Inaction is action. It's easier said than done.
By the same token, boring is rewarding. But it's hard to get oneself excited about boring stuff.
It's very satisfying to hunt for and uncover undervalued stocks. The thrill is hard to resist. But the goal of investing is not to indulge one's adventurous soul or to satisfy one's ego. The goal is to compound one's wealth. Very often, the real gems are something we already know. It's boring to recycle old ideas. Yes. But being boring makes money. It compounds.
I wrote about Advant-e (ADVC) in 2012. That was actually the first post on this blog. (Now looking at my records, I realise I actually started buying ADVC in 2011.) I won't repeat all the details here. You can go back to read about it yourself. At the time, I believed ADVC was a quality business, a hidden champion. It should comfortably deliver 15% return per annum for very long time. In a more favourable business environment, it wouldn't be a stretch to get 20% p.a. return. Share price was then $0.20 and P/E was about 10x.
Fast forward to today. Price is $0.40 and it is still trading at a multiple of 10x. In between, ADVC has distributed some very generous dividends. My total return (on a constant currency basis) is about 100%. Annualised return is about 30% p.a.
Numerous value bloggers have written about ADVC over the years. The most recent spike of blog posts was seen towards the end of 2013, when ADVC decided to stop filing statements with SEC, coupled with a reverse-split and a force cash-out for the investors with less than 10,000 shares. Some investors were pissed off, believing the entire exercise was unfair towards minority shareholders. When the CEO Jason Wadzinski controlled over 50% of the company, they had reasons to worry. Eventually, the company went dark as planned but the reverse-split was called off, of which the true reason will probably never be known.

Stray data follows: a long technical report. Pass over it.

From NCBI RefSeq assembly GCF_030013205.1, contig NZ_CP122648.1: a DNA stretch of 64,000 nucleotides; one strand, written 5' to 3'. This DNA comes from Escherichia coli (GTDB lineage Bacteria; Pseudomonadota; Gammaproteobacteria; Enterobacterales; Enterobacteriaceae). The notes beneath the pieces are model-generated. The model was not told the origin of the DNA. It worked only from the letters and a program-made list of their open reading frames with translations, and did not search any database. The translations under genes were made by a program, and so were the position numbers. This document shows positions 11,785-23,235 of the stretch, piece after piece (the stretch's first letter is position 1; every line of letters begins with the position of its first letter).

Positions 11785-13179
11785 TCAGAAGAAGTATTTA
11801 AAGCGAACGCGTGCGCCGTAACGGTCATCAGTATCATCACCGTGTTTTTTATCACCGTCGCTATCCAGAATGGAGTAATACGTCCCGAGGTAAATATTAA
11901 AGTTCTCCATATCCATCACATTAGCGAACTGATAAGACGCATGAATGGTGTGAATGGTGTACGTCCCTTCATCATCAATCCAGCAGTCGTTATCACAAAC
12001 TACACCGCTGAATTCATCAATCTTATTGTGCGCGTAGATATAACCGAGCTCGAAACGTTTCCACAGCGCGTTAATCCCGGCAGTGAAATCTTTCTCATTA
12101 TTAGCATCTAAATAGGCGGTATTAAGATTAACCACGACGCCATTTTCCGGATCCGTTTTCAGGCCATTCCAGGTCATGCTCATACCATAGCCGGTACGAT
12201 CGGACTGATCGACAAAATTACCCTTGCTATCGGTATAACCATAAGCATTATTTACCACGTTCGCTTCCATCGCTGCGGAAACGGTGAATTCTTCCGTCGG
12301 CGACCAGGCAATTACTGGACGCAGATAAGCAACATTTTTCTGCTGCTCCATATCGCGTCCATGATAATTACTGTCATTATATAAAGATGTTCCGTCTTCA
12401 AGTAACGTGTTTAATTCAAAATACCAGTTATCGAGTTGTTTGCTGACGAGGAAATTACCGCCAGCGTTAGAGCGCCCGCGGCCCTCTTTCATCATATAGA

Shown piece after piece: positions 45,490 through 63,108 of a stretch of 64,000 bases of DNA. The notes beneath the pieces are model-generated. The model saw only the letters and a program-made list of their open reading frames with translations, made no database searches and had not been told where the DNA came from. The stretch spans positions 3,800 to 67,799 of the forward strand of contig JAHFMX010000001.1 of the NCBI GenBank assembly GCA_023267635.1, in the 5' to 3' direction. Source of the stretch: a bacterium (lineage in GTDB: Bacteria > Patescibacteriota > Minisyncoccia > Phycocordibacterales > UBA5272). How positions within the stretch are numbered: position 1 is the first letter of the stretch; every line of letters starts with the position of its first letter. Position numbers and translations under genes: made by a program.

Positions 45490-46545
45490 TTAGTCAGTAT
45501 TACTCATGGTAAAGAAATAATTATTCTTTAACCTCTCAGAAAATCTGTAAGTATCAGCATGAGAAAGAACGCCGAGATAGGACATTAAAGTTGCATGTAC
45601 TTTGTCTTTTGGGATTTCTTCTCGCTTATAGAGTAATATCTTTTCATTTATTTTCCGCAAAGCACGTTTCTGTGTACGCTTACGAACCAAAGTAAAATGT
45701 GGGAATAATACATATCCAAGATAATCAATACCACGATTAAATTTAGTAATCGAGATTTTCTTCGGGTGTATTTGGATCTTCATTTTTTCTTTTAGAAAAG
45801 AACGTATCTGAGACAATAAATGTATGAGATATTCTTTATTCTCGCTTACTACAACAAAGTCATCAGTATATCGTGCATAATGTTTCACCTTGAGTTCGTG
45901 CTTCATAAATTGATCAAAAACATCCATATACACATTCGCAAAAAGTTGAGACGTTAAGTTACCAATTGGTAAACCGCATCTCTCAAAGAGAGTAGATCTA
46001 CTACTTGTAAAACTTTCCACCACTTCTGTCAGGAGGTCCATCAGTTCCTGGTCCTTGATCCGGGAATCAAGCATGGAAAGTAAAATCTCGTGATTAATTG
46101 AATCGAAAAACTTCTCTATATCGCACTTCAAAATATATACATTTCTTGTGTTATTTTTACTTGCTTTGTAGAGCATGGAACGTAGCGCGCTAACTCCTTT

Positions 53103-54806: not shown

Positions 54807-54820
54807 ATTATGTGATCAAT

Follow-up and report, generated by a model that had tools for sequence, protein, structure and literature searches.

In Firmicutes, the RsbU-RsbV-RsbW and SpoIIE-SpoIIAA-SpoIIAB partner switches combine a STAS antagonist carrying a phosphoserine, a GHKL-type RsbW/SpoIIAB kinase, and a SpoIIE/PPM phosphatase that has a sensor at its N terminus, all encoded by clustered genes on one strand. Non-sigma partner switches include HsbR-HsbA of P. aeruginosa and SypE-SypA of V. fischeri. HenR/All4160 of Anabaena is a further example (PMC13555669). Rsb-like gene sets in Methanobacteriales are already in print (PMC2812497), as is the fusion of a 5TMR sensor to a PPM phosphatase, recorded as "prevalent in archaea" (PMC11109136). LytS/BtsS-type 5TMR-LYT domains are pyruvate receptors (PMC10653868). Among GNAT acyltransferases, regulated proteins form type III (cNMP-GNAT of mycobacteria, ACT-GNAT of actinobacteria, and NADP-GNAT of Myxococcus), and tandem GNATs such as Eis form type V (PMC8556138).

Since then, the company has been forgotten.
I hold a different opinion. In 2012, I said Wadzinski was shareholder friendly. My stance hasn't changed throughout the going-dark incident. Remember this is effectively his company. If he wanted to pay himself big salaries but distribute no dividends, he could have done so. But he hasn't. From ADVC's history, what Wadzinski has said and what he has done in the past, he strikes me as someone with integrity.
When a company goes dark, apart from being less liquid, the worry is: what will happen to its dividend policy and reporting policy? Now we have the answer. On April 28th ADVC sent its shareholders a letter from the CEO with a condensed annual report, declared a 5% dividend and announced a share buyback up to ~6% of its market cap below $0.37.
While the company is definitely less transparent than it was, my assessment of its business hasn't changed. Its moat in its own turf in the grocery market is solid. And it's slowly making inroads into the automobile market and the healthcare market.
Monish Pabrai said in a recent interview the holy grail of investing is to identify compounders with hidden moats. That's superior to buying cheap assets at 40c on a dollar. He didn't elaborate why. But it's self-evident. Instead of constantly and actively searching for your next preys, you collect money from a compounder when you are snoring.
ADVC is one such little compounder. It is my benchmark (or in Buffett/Munger's vocab, my "cost of capital") when I assess other investment opportunities. "Should I buy XYZ, or should I buy more ADVC?" This is my way to avoid making further stupid mistakes.
Indeed, I've bought more.
p.s. I respect the company's decision not to make their financials public. If you want to have a glance of their 2013 numbers, you can simply buy a few shares and ask the company for a copy.
p.p.s. ADVC trades over-the-counter and is very illiquid. Be wary of pump and dump promoters. Be wary of bullish articles like this very one you've just read. :-)
(Disclosure: Long ADVC)